In Gujarat's Gir forest, guards have been fighting poachers with 12 bore double barrel shotguns and .32 revolvers. "We have been purchasing only these revolvers lately. But wherever the threat of poaching is high, units are given other guns. We have no semi-automatic or automatic rifles," says Sandeep Kumar, the deputy conservator of forests, Gir.
It is not difficult to imagine why the fight against poaching is increasingly becoming a losing one, especially in the northeast. Poorly armed and led, the forest guards cannot win the battle that became one-sided with the entry of insurgent groups and surrendered militants into the profitable rhino horn trade. With flourishing markets in China, Vietnam and other places in South-East Asia, these groups have met international demands by allegedly procuring sophisticated arms from Chinese firms.
"These weapons are either originals or knockoffs of Russian AK series rifles, American M16s, and German HK MP5s and HK 33s. The superior rate of fire of these weapons gives the user a huge advantage. Poachers have been using Kalashnikovs extensively, and the HKs in a few cases," says a senior Assam Police officer involved in counter-insurgency operations. He adds that foresters need to be trained in jungle warfare and there should be a separate intelligence network for the forests.
Sending poorly armed forest guards to battle such dangerous poachers is very unfair. But Amrit Bhuyan, the commandant of 2nd Assam Forest Protection Force, believes jungle warfare is a different ball game altogether. "My 251 men are inside Kaziranga right now. They have been given police training for the first time. I don't think they need to be taught jungle warfare tactics akin to the Army. But yes, they need to know how to function in a jungle environment; how to distinguish between a poacher and a rhino when it is pitch dark," he says, adding that his battalion does not have any night vision equipment.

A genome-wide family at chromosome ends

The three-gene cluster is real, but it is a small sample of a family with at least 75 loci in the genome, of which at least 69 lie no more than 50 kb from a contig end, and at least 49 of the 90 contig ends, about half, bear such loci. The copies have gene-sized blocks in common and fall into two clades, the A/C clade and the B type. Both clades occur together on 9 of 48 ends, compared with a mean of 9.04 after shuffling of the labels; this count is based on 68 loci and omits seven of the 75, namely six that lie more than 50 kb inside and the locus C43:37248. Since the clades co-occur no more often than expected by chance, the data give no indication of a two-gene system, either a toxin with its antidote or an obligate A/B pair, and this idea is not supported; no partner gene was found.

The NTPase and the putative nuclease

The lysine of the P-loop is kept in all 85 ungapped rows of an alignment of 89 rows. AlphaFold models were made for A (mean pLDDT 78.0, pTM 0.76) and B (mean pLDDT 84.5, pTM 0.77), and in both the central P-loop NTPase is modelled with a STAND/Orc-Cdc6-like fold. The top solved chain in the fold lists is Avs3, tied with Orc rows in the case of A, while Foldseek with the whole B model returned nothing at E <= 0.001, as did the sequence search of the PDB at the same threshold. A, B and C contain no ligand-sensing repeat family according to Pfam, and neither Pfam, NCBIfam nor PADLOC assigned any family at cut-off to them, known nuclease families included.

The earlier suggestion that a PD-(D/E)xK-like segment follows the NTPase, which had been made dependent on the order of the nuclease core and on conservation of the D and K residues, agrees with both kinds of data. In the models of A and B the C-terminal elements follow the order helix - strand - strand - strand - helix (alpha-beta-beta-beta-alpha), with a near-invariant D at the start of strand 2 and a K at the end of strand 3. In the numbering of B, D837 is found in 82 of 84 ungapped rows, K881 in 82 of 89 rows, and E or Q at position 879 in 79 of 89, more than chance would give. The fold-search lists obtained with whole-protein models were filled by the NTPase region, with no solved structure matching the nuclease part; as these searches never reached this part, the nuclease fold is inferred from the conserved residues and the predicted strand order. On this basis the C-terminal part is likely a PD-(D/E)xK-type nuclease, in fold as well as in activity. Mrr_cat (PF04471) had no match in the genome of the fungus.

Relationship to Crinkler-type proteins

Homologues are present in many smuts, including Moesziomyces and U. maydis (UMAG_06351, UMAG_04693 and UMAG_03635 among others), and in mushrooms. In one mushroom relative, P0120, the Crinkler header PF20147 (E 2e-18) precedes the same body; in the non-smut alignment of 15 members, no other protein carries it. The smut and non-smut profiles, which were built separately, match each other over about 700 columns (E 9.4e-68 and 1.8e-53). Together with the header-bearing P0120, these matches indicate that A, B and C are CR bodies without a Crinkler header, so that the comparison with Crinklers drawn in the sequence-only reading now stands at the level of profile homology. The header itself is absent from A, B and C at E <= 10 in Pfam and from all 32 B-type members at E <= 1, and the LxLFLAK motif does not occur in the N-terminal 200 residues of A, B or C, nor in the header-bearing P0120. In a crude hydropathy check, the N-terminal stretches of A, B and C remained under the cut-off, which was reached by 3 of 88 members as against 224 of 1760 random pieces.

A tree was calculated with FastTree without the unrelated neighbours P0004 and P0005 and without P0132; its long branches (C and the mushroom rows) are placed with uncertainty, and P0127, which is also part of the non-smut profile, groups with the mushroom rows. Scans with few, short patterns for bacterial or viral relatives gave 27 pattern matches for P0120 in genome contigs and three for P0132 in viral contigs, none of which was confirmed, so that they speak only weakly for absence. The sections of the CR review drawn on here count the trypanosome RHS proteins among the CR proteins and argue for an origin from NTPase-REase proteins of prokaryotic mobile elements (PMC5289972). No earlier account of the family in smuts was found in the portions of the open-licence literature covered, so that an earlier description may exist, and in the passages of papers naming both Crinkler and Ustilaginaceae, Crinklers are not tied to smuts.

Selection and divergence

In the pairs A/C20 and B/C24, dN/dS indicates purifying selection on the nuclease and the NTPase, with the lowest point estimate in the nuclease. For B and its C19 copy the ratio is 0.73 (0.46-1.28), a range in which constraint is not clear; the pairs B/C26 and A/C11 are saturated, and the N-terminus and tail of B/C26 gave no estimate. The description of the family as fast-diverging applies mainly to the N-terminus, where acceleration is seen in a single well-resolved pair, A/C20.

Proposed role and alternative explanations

In September last year, the two battalions of Assam Forest Protection Force were given the 7.62mm 1A1 SLRâ€”a weapon discarded by both the Indian Army as well as the paramilitary forces in the mid-90s due to reliability issues.
N K Vasu, the director of Kaziranga National Park, sees it differently. "Our needs are different from the Army's. The SLRs, we believe, will help us stay in the fight; but we are also trying for more advanced weapons like the AK-47," he says.